Won't start unless I jump it

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^ I was about to post this before I read your comment. Remember it's the entire conductor that has to conduct current, not just the end connectors. Someone I know recently had an electrical fault that was traced to internal corrosion in a ground cable. It wasn't positively located until the insulation was stripped off the cable and visually verified, but the ohmmeter showed the fault.

Just for grins, what's the resistance in your main ground cable and the positive lead directly to the battery?

Unfortunately resistance testing can be deceiving . You could have 1 good strand of copper left in a cable, and a multimeter could show 0 ohms because it's only sending microamps for testing. However, you send any actual current through that cable and it would have a huge voltage drop.

What OP needs to do is measure the actual voltage drop when cranking. Put the positive test lead on the positive battery post, and put the negative test lead on the starter positive cable post (the other end of the cable). Try to crank the engine and write down the voltage reading while the key is turned to the start position. This will tell you the voltage drop on the positive wire.

Repeat the same procedure, but put the negative test lead on the solenoid wire at the starter. This will be the solenoid circuit voltage drop.

One last repeat, but this time put the positive test lead on the starter body, and the negative test lead on the battery negative post. That will be your ground cable voltage drop.

My money is on one of those pieces of the starter circuit has excessive voltage drop/corrosion/damage.
 

Njck22

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If jumping works right off the battery posts my intuition tells me the heavy guage cabling is not the issue. does no harm to go ahead and measure the voltage drop, though
 
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Thanks. I’ll take a look tonight. Does anyone recall the vendor here that sells those battery cable kits? I bought one from him back in 2017. It seems to be pretty good quality. Maybe I have a nick or short that I cannot see. I recently moved to the country so maybe a little critter has been active in my engine bay. I appreciate all the feedback. I’ll get my tester out and take some readings.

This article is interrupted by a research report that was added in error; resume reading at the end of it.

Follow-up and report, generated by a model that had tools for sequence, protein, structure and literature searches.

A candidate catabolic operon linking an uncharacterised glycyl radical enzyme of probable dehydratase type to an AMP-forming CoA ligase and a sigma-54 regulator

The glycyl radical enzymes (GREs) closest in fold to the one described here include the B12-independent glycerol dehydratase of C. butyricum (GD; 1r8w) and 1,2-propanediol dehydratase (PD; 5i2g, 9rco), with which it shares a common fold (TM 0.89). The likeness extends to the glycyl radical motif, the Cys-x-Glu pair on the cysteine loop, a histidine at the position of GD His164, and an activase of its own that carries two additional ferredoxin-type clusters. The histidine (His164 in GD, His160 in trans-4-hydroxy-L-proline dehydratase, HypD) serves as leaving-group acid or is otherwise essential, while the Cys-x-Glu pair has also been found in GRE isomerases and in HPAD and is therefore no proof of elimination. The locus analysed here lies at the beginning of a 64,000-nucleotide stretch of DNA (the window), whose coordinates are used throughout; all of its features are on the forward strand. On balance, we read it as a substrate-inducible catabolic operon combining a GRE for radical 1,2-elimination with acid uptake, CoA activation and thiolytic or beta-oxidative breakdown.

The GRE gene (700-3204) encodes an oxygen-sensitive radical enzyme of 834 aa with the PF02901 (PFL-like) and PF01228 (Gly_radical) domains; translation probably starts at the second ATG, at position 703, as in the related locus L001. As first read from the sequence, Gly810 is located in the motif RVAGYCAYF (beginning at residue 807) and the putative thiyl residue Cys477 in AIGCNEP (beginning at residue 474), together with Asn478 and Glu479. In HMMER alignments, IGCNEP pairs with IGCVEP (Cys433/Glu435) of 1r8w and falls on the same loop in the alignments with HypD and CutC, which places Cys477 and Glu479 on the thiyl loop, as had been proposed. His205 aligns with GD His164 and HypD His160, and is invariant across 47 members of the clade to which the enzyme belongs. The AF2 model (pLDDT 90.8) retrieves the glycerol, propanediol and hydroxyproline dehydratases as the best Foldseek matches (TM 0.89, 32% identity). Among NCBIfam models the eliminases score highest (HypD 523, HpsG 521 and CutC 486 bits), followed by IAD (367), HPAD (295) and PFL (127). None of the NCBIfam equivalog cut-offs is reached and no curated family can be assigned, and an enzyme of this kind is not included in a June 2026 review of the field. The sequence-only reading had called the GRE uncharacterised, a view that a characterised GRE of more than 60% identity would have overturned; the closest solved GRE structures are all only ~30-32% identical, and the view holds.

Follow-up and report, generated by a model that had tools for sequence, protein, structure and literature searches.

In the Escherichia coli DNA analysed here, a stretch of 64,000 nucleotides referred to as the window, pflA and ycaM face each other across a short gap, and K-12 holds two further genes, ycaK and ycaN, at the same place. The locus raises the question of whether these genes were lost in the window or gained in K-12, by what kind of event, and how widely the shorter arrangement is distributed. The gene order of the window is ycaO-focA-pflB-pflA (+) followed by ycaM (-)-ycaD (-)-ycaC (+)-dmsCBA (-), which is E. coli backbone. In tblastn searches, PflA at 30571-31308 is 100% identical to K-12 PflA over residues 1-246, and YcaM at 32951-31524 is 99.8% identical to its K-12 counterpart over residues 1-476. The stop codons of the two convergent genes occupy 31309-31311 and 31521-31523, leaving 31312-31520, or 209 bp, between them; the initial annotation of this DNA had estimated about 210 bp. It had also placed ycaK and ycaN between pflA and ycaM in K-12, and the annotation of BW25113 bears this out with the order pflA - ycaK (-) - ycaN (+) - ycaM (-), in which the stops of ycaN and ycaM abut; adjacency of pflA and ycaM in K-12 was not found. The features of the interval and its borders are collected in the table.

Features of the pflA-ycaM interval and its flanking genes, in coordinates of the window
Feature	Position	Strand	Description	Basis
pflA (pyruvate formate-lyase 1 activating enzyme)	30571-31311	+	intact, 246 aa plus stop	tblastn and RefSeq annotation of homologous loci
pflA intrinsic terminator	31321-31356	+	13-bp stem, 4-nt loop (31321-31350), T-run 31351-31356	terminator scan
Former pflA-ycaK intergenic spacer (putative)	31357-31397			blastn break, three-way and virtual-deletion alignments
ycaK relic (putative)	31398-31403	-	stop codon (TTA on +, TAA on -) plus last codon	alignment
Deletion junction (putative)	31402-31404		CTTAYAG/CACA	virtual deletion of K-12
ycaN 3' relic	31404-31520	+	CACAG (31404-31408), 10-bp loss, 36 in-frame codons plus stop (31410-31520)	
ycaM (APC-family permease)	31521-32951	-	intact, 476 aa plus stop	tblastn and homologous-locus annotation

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Thanks. I’ll take a look tonight. Does anyone recall the vendor here that sells those battery cable kits? I bought one from him back in 2017. It seems to be pretty good quality. Maybe I have a nick or short that I cannot see. I recently moved to the country so maybe a little critter has been active in my engine bay. I appreciate all the feedback. I’ll get my tester out and take some readings.
A set of long retractable test leads works great if you leads aren't long enough. Especially if you're by yourself, you can run the DVOM inside the truck to watch it while you crank.
 
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@jasheehan I would first try jumping from the battery positive terminal to the starter's 12V switched input. You might have a little bit of resistance in the long series of contacts that supplies power to the starter input. Just enough resistance that the ~12.8V of you battery can't push enough current to activate the solenoid (plunger), but the ~13.x - ~14.x of a running vehicle can.

 

Njck22

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Test if the starter engages you give it 12v directly to the solenoid spade connector.

The voltage drop problem could actually be elsewhere, the source of your voltage drop most likely is in your remote starter, which interrupts the solenoid wire coming off your ignition switch under the dash. That whole remote starter system has probably built up some resistance over 12 years. A 14.8v jump from a running car overcomes that, but without that the click you’re hearing is just the relays or the solenoid partially engaging.

The optimal fix is to refresh all that remote start stuff. The other option is to add a relay on to the solenoid wire at the starter
 

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